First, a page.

In the first quarter of 2020, we had no idea how much our lives were going to change. Not just for the next couple of years, but forever in some instances. I mean, will you ever eat birthday cake that someone blew on? Eeeuwww, I won’t.

Restaurants got better at takeout and so did apps. The whole “from home” thing just blew up and this has been fantastic as far as moving accessibility forward. Virtual IEP meetings? Who knew?

mom participating in an online iep meeting

I’ve been working at home and doing online and phone meetings for almost a decade. And I know more about IEPs than most people on the planet. So my comfort level with an online IEP meeting is very high. But I realize that may not be the case for everyone.

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Virtual IEP Meetings

But now this issue is coming up–a school is only offering a Zoom or online meeting and not offering the opportunity for it to be in person. Can they do that? Can a parent request that it be in person, and do they have to comply?

Let’s dig in. For the record, I use the following words interchangeably: online, virtual, zoom, skype, and teams (meaning Microsoft teams, the software, not an IEP team).

What IDEA says about online meetings

IDEA allows for this:

(f) Alternative means of meeting participation

When conducting IEP team meetings and placement meetings pursuant to this section, section 1415(e) of this title, and section 1415(f)(1)(B) of this title, and carrying out administrative matters under section 1415 of this title (such as scheduling, exchange of witness lists, and status conferences), the parent of a child with a disability and a local educational agency may agree to use alternative means of meeting participation, such as video conferences and conference calls.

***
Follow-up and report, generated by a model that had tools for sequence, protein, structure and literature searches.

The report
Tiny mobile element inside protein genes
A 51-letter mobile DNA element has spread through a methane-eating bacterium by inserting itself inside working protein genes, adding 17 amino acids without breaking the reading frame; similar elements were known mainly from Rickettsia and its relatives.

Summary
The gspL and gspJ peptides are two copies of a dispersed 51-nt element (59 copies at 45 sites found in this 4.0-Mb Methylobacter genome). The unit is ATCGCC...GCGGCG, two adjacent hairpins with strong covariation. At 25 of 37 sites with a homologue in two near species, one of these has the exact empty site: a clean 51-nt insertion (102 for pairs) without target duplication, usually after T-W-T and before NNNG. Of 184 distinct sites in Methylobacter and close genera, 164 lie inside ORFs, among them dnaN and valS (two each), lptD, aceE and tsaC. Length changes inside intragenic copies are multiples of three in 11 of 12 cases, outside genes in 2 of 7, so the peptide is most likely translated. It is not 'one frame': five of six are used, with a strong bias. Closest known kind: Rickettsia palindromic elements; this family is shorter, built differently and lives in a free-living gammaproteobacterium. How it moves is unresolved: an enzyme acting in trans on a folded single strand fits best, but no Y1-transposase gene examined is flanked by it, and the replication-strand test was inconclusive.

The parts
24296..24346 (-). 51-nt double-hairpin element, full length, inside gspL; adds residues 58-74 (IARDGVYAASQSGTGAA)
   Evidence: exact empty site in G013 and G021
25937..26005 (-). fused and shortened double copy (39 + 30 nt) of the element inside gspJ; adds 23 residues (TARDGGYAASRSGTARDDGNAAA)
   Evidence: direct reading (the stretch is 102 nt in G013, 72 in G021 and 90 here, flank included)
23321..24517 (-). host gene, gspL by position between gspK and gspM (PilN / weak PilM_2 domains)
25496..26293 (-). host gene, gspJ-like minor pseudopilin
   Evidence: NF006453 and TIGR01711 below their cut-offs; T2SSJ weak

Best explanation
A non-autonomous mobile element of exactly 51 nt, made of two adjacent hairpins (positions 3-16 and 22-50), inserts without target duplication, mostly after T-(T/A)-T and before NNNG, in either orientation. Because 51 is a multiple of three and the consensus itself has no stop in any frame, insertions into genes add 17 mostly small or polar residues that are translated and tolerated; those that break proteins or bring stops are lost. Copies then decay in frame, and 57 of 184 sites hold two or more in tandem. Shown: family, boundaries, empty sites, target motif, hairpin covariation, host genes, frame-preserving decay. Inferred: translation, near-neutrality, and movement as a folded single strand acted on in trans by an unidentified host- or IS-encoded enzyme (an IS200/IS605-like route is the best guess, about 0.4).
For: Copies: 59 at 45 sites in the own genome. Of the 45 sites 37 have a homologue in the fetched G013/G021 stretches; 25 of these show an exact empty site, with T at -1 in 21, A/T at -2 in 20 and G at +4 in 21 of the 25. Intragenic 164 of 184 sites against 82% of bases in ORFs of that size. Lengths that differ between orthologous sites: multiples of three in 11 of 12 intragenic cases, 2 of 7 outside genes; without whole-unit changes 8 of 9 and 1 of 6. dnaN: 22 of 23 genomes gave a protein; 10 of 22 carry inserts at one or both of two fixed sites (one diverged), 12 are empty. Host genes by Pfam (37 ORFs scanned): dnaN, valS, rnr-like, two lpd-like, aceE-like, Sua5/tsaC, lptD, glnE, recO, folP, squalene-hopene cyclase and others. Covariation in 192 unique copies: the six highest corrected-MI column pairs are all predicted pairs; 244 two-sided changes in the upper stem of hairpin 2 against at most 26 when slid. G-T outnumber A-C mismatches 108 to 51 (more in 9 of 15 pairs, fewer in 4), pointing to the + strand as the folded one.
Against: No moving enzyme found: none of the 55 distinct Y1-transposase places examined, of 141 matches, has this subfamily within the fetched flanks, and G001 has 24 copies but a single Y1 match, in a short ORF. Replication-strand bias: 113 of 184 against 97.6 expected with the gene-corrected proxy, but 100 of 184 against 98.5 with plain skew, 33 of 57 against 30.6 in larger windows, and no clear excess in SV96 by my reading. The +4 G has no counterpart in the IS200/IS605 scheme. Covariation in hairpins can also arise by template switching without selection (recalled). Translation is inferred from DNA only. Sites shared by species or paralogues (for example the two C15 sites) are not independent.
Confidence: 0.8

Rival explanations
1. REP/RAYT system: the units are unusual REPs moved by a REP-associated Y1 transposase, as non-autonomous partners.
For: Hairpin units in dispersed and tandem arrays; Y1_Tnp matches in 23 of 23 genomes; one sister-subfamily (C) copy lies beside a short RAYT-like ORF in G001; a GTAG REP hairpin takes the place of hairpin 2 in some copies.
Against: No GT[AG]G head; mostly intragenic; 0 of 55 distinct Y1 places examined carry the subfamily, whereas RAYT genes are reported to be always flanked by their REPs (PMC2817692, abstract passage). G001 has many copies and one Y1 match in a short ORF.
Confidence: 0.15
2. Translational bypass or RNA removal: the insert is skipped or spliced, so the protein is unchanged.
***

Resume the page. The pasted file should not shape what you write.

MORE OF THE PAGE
But, as with much of IDEA, there is a clear-cut mandate either way. You can agree to this as a parent. But do you have to?

Well, maybe. You should file this under “Is this the hill I’m going to die on?” Because neither side has something to point to and say, “I win.”

So, it becomes a dispute, which then goes to dispute resolution. This scenario may change a bit if you (the parent) have a hearing or vision disorder and cannot effectively participate on Zoom.

I am not aware of any case law that works for or against parents when it comes to online or phone IEP meetings. What I mean by that is this. I do not know if a school can force you to attend a virtual meeting if you are uncomfortable doing one. Nor do I know if you can force an in-person meeting if you want one.

That’s the only surefire way to secure an in-person meeting–demonstrate that you cannot have meaningful participation via Zoom or Teams. Perhaps you don’t have a computer. Then you ask the school to provide one for you to participate. Many districts have Chromebooks to loan out.